Appreciating a little shade its unique character can be used as a feature silhouetted against a wall or the trunk of a large Eucalypt, else plant it by a path to be walked under and admired in maturity. Under plant with low growing, dry loving plants of choice, maybe Cyclamen or even other Euphorbia for a study in green or for a larger scale a few clumps of Agave attenuata mirroring its rosetted foliage.

      Easily grown in any reasonably well drained soil.

      As with any plant grown for tree like form, trunk or caudex, starting with a young seed raised plant is essential. Cutting grown plants make very nice rounded shrubs but will never develop the desired characteristic.

  • Geranium


    Not to be confused with Pelargonium x hortorum which are often incorrectly referred to as Geraniums.

    These are the Cranesbills (in reference the shape of their seedpods), mostly encountered in gardening media as cold tolerant plants of meadows and mountainsides with their many selected garden forms and hybrids. Most of these, including some highly promoted patented types, perform poorly in the south-west of Western Australia where hot dry summers and warm wet winters take their toll, though they will usually persevere for a year or two.

    Not all are a lost cause, they are globally distributed and some are from warmer regions, there are several species from southern Africa and the Canary Islands. A few species are adaptable enough to even become weeds.

    There are various growth habits including clump forming perennials and sub-shrubs as well as rosette forming monocarps (biennials) and they may be cool or warm season growers and evergreen or either winter or summer deciduous.
    • palmatum   CAG00739
      Flowering SeasonSp - Su
      WaterM - L
      LightPart Shade

      An alternative to G. maderense, prima donna of the genus, for those who find it a struggle or just want a more amenable, smaller statured and easier to accommodate plant. Forming evergreen mounds of five lobed, bright green leaves held on long fleshy stems which radiate from a central trunk or trunks. Into summer masses of purple-pink, crimson centred, saucer shaped flowers are produced in large loose clusters. Bold, yet softening and "cottagey", stunning en masse especially against a boldly coloured south wall.

      From the Canary Islands, like its more famous cousin, and ideally suited to a mediterannean climate although more tolerant of heavy soil, excess summer moisture and cold.

      Technically perennial but collect a few seed each year as it tends to be short lived and doesn't always self seed with reckless abandon.

  • Ranunculus
    • cortusifolius   CAG01433

      (Canary buttercup)
      Flowering SeasonSpring
      Ranunculus cortusifolius

      A Buttercup on steroids from the laurel forest of the Canary Islands. Huge, coarsely haired, umbrella-like leaves emerge from a spidery tuberous rootstock, on stout fleshy stems. After a winter of exuberant growth a sturdy, much branched stem of gloss enamel, canary yellow, green centred, buttercup flowers is thrust skyward. The entire plant slowly shrivels with increasing summer temperatures, only to return the following winter bigger and badder than ever.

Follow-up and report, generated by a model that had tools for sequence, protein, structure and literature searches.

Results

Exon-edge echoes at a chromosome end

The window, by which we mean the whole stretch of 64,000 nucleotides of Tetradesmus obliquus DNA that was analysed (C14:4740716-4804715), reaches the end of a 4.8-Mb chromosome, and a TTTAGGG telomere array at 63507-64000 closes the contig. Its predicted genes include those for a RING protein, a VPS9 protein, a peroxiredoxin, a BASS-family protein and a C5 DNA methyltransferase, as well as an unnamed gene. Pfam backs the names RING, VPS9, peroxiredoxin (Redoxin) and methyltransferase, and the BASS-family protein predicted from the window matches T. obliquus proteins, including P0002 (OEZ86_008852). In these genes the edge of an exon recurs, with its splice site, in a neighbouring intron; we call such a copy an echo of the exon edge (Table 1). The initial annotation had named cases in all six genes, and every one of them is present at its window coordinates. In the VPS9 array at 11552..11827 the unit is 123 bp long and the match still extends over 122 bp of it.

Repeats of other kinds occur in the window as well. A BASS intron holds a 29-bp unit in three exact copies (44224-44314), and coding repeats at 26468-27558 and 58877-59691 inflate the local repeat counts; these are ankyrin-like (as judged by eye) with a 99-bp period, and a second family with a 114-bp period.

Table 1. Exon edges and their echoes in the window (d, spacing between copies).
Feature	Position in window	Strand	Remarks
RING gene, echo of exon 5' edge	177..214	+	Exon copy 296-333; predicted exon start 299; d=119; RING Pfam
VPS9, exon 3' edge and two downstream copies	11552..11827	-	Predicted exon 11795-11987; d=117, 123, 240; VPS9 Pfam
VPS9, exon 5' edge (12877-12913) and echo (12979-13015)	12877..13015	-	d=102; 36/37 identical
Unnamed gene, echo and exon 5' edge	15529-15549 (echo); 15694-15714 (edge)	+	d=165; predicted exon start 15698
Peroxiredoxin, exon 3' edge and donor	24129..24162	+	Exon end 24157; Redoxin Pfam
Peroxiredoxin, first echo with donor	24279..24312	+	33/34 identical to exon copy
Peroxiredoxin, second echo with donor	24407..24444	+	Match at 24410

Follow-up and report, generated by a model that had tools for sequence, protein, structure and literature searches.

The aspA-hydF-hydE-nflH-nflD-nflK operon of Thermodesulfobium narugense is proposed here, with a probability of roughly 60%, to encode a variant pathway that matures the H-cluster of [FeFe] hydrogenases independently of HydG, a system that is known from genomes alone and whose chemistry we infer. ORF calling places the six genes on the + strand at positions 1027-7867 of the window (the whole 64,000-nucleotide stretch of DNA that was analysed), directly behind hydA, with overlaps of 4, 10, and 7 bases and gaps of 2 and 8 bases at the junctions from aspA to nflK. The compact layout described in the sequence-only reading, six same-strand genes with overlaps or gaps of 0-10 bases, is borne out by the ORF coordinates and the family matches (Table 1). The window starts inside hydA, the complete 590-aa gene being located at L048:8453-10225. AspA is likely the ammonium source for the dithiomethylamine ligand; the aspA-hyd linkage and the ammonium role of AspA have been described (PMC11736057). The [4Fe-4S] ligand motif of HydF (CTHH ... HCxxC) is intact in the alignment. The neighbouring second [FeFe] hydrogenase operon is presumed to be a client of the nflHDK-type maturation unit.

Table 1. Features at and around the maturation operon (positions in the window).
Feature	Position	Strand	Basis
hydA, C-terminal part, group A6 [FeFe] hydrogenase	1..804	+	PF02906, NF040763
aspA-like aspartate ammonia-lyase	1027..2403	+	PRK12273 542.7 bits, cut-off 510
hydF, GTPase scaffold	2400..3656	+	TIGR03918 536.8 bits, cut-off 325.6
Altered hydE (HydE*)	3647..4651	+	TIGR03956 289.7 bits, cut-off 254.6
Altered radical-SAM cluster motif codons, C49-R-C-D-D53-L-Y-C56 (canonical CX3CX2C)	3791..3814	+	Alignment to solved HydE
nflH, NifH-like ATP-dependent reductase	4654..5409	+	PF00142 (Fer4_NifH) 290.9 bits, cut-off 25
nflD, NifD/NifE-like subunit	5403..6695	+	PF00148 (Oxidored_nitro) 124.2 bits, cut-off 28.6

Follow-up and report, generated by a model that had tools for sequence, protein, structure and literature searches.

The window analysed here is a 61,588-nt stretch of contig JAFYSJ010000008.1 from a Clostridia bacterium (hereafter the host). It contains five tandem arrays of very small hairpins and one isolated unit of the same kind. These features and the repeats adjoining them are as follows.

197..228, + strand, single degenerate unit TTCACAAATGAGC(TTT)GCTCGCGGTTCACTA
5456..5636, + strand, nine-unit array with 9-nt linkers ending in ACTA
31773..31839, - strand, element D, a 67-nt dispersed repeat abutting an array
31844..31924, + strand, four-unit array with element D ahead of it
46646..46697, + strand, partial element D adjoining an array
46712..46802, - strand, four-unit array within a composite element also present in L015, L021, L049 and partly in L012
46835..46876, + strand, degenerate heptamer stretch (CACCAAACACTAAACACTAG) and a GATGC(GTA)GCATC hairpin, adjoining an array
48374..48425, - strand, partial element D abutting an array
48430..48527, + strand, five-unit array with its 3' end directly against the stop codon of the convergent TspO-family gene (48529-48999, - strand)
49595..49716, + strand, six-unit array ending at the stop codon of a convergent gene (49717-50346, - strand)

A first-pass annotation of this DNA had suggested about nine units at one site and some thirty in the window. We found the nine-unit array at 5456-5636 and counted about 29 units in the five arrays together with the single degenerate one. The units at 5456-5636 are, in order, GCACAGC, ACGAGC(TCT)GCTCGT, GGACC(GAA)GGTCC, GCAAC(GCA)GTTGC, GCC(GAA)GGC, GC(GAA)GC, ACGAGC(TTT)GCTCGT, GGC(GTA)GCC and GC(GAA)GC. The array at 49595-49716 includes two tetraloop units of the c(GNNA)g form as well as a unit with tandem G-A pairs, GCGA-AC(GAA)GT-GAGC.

For winter moist, shady sites, preferably dryish over summer and when happy self seeding with desirable abandon. Also growable as a show winning potted specimen.

  • Salvia


    A genus whose popularity has risen exponentially in recent times. Offering a diverse range of form and colour there is a Salvia for nearly every garden situation with more and more being discovered and described all the time. The count now stands somewhere in excess of 1000, including subspecies, according to The Plant List. They are found on every continent except Antarctica.

    From a gardeners perspective they can not all be treated the same, they come from many different climates after all, but as a rule of thumb can be grouped into winter rainfall and summer rainfall species and with few exceptions they all prefer well drained soil.

    Soft leaved species from Central and South America are usually autumn and winter flowering. Coming from summer rainfall areas they typically need protection from dry heat and the accompanying high light intensity and they vary in their tolerance of winter damp. As with most plants the larger the leaves the more water they require, this also dictates how fast they grow with many growing several metres in a single season.

    Species from south western North America, South Africa, the Mediterranean and the Canary Islands are all winter growers and are tolerant or demanding of dry heat and summer drought. Slower growing but usually longer lived these all tend to have small, densely haired, silver or grey leaves or a combination of these traits which help them conserve moisture. Most of these require no additional water in Perth and are well adapted to our climate. They tend tend to flower from spring into summer.

    Prune back to where vigorous new basal growth is seen, never to dead wood, they appear to store little food in their stems and without leaves stand a chance of starving to death or at least struggle to regenerate. The exception is those few that are tuberous or clump forming, these can be cut to ground level once the stems start dying back in late autumn.